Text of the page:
Response to the Consultation on the “Reform” of the UK Human Rights Act

By John Stone

The British government consultation for the revision of the 1998 Human Rights Act grandiosely re-entitled the Bill of Rights closes at 11.59 pm GMT Tuesday 8 March. It is a somewhat elusive document to encompass and after months of indecision I decided on brevity. Unsurprisingly the Johnson government seems more interested in its own rights than the rights of citizens, but it is not always clear where law comes into it. Anyone wishing to comment can write to the email address [email protected] 

Dear Justice Secretary

Until it can recognise its own failings the government will have no useful contribution to make in the field of human rights, not least because it has itself abandoned humility and common sense.  

The government should bear in mind the old legal adage “hard cases make bad law”. In order to remove the inevitable hard cases the danger is that government restricts the public’s access to the courts even further, bearing in mind that for the ordinary citizen justice is prohibitively expensive anyway, and generally unavailable – for a long time and increasingly governments have considered justice for the citizen an expensive luxury while continuing to liberally fund its favoured enterprises from the public purse. 

Beyond that one can certainly see that the old Human Rights Act has been woefully inadequate at protecting citizens’ rights, notably in the last two years when it turned out time after time that the government advisors who were limiting our lives over what we were supposed to do or not do mostly got things momentously wrong, whether by design or accident. A stock taking of the last two years would suggest objectively that any protection against the use of arbitrary executive power has largely failed. The government scarcely inhabits the moral high ground in trying to extend its rights over citizens, not least because it has performed so poorly in the recent past, and does not seem to realise it.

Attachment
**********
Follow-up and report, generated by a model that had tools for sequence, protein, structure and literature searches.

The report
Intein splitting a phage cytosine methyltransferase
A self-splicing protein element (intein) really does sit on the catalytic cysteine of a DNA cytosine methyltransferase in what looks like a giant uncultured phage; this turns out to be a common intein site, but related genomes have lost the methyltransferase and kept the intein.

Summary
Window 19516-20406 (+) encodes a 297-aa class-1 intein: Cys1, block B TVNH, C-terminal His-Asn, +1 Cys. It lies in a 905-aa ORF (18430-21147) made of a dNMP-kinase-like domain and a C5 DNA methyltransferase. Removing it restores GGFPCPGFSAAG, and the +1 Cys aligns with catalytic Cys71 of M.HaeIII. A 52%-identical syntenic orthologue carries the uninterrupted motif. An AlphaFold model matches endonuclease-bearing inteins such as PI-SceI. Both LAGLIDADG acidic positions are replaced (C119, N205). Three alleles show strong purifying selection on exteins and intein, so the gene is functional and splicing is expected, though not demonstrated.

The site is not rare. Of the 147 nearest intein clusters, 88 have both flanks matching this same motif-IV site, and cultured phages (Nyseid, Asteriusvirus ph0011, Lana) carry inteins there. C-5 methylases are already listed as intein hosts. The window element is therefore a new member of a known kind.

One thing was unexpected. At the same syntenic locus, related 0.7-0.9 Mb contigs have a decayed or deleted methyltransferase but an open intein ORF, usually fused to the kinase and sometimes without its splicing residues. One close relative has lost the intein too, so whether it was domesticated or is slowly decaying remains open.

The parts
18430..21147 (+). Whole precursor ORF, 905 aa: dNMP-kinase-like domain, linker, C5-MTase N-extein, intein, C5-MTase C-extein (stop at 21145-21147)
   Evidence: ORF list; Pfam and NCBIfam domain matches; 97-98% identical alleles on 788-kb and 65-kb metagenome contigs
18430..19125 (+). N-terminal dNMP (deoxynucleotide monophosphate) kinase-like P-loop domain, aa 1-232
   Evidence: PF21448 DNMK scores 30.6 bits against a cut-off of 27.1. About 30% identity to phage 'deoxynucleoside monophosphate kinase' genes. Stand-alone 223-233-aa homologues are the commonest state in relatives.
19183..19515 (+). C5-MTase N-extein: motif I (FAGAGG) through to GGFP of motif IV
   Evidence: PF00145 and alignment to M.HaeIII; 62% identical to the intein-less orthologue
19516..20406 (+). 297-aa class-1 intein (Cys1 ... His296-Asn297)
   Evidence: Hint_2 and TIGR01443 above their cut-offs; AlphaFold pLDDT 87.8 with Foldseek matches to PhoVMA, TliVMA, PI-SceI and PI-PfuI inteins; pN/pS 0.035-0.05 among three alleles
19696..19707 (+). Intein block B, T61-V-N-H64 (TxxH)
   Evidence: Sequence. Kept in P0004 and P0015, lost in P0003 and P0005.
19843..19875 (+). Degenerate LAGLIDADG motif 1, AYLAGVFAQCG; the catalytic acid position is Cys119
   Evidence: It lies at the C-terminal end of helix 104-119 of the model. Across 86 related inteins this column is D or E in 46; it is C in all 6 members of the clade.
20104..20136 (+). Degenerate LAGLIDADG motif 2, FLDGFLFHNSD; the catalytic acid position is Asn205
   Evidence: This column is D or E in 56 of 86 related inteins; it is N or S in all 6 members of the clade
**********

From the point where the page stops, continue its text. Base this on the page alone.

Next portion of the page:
The government’s claim to support freedom of speech is particularly moot given its moves in the past two years to swamp mainstream media with cash in pursuit of state health propaganda, while leaning on social media to limit or stop legitimate comment – it is not a desirable position when people may not  talk about their health predicaments or criticise government policy in public, being often subject also to foul abuse if they do from government funded sources. It is equally horrifying to see the same machine move into action over Ukraine. The government’s position, both in terms public policy and science, has been the opposite of “open” leading to autocratic behaviour, divisive social policies, economic catastrophe and the compounding of error at human expense. Please allow the public to speak.

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